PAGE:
Several studies associate migraine headaches with a decline in the activity of the vagus nerve - a significant part of our nervous system that regulates our perception of pain and many other important functions [36, 37, 38, 39, 40, 41]. It is also believed to modulate the pain centre in the brain. Practicing yoga is known to stimulate the vagus nerve, which may help reduce headaches caused by migraines [42, 43, 44, 45].
Other triggers of migraine include a stressed state of mind and stiff muscles. Practicing yoga helps our body suppress the stress response system and experience a state of calm . It also reduces tension around areas of pain by relaxing stiff muscles. Yoga, if done right, touches all the points that could possibly cause headaches.
Kriya-Jalaneti (nasal water cleansing) followed by Kapalbhati (forced exhalations) go a long way in stimulating and toning the vagus nerve .
7. Improves brain health
It is believed that the grey matter of our brain reduces with age. This grey matter is involved in our decision-making, memory, intelligence and ability to process information .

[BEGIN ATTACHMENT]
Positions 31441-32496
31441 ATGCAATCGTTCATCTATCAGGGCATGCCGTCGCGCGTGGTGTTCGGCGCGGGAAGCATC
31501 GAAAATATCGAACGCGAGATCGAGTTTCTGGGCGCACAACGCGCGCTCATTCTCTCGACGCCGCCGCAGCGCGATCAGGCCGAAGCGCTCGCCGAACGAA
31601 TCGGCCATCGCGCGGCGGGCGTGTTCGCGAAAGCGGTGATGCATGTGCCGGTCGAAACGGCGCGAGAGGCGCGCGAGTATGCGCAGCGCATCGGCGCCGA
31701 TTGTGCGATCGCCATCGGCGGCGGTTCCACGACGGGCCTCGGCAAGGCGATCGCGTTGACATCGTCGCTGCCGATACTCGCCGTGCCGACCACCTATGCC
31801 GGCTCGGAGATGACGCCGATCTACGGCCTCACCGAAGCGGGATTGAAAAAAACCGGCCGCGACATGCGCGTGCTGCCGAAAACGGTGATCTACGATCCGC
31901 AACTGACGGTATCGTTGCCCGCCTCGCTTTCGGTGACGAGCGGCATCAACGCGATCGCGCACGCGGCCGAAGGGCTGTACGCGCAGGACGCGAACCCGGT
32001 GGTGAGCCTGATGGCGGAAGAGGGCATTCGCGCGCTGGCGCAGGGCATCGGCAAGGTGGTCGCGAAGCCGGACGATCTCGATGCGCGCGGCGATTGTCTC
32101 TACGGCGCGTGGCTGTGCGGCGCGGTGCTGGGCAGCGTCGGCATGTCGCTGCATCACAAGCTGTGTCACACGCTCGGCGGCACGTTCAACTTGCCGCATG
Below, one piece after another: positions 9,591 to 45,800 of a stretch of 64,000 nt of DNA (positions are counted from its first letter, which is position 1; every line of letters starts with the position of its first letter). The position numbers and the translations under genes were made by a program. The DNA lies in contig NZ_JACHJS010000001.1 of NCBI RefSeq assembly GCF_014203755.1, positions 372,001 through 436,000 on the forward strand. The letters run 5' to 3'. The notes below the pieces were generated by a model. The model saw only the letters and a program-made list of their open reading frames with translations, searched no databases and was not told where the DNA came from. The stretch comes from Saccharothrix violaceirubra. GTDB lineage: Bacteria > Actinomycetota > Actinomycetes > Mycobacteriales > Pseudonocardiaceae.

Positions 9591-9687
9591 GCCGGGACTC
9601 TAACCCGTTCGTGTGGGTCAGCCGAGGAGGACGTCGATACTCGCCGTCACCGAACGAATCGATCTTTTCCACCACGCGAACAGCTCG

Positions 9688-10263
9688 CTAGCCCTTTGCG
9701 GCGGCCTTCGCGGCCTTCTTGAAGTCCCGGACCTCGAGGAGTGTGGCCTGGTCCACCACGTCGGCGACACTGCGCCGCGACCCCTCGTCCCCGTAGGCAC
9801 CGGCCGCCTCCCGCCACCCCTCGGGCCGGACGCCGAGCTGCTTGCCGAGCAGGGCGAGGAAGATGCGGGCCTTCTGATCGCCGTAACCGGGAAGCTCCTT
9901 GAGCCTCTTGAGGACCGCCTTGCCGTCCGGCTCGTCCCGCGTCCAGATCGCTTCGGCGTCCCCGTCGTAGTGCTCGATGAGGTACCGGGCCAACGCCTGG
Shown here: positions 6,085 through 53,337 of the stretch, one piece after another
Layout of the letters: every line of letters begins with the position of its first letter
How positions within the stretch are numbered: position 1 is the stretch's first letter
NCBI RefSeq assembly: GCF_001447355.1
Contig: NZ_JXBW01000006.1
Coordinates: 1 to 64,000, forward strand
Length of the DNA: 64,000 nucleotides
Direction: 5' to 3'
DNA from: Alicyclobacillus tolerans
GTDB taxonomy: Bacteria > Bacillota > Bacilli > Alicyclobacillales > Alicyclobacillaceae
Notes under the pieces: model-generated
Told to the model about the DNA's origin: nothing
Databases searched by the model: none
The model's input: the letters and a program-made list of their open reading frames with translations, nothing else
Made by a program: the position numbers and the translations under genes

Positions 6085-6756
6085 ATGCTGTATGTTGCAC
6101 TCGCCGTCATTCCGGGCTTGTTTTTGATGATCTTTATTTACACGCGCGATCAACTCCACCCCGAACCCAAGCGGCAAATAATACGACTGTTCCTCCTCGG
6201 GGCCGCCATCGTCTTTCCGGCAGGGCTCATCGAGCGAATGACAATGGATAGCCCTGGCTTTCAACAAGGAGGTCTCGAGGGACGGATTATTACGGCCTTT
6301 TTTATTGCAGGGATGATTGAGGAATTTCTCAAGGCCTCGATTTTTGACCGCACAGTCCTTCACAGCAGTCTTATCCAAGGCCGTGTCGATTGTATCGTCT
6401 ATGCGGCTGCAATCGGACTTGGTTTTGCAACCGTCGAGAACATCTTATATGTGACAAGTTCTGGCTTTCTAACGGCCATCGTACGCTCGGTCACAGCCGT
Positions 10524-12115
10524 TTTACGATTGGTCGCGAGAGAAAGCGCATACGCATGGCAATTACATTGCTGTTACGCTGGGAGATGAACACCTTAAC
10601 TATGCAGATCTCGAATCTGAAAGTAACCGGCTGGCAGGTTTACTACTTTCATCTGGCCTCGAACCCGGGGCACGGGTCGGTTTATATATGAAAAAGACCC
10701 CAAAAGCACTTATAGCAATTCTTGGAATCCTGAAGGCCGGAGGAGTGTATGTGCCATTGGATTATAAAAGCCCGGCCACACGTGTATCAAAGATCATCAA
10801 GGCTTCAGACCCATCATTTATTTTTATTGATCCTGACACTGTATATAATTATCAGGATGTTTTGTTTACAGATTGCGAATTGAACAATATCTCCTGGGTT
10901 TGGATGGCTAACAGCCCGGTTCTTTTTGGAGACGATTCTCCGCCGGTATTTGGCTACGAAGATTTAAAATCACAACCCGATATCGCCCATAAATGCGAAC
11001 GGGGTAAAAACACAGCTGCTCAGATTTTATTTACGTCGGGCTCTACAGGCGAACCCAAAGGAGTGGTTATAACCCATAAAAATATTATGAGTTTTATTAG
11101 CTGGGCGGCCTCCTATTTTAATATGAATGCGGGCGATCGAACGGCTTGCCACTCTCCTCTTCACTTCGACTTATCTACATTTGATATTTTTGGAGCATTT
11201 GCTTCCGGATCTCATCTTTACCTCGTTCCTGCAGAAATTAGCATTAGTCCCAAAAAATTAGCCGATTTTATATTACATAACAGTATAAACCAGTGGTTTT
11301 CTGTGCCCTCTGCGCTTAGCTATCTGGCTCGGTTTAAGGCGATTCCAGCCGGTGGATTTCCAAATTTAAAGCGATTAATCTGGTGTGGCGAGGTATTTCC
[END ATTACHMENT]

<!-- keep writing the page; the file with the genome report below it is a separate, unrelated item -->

Yoga practice which includes a combination of breathing techniques, postures and meditation can have a positive effect on our overall brain health [51, 52, 53]. Meditation, on its own, is shown to be especially beneficial for our grey matter [54, 55, 56].
8. Improves breathing
The breathing exercises or pranayama have a plethora of benefits - including improving our breathing itself.
Understanding the phenomenon of breathing is very important. Although it is fundamentally automated, there are ways to do it right.
Our ‘vital capacity’ is the measure of the maximum amount of air that can be expelled from our lungs at a time - a parameter used to indicate lung health. Studies have shown that individuals who practiced pranayama regularly observed an increase in their vital capacity. Another interesting study found that practicing yogic breathing may help improve the symptoms and lung function of individuals with mild-to-moderate asthma [57, 58].
Some important breathing techniques that can be helpful in this case are Dirga Pranayama (three-part breath), Sama Vritti Pranayama (equal breath), and Sitali Pranayama (cooling breath).
Yoga makes for a great form of exercise, but its evidence-based benefits clearly extend to all aspects of our physical and mental wellbeing. As its appeal continues to stretch across borders and age groups, this ancient practice is more than likely to maintain its secure position in the path to a healthy lifestyle.
We hope this information helped you understand the importance and benefits of yoga. If you have any queries, please share them with us in the comments section below. We’d love to help you in any way we can!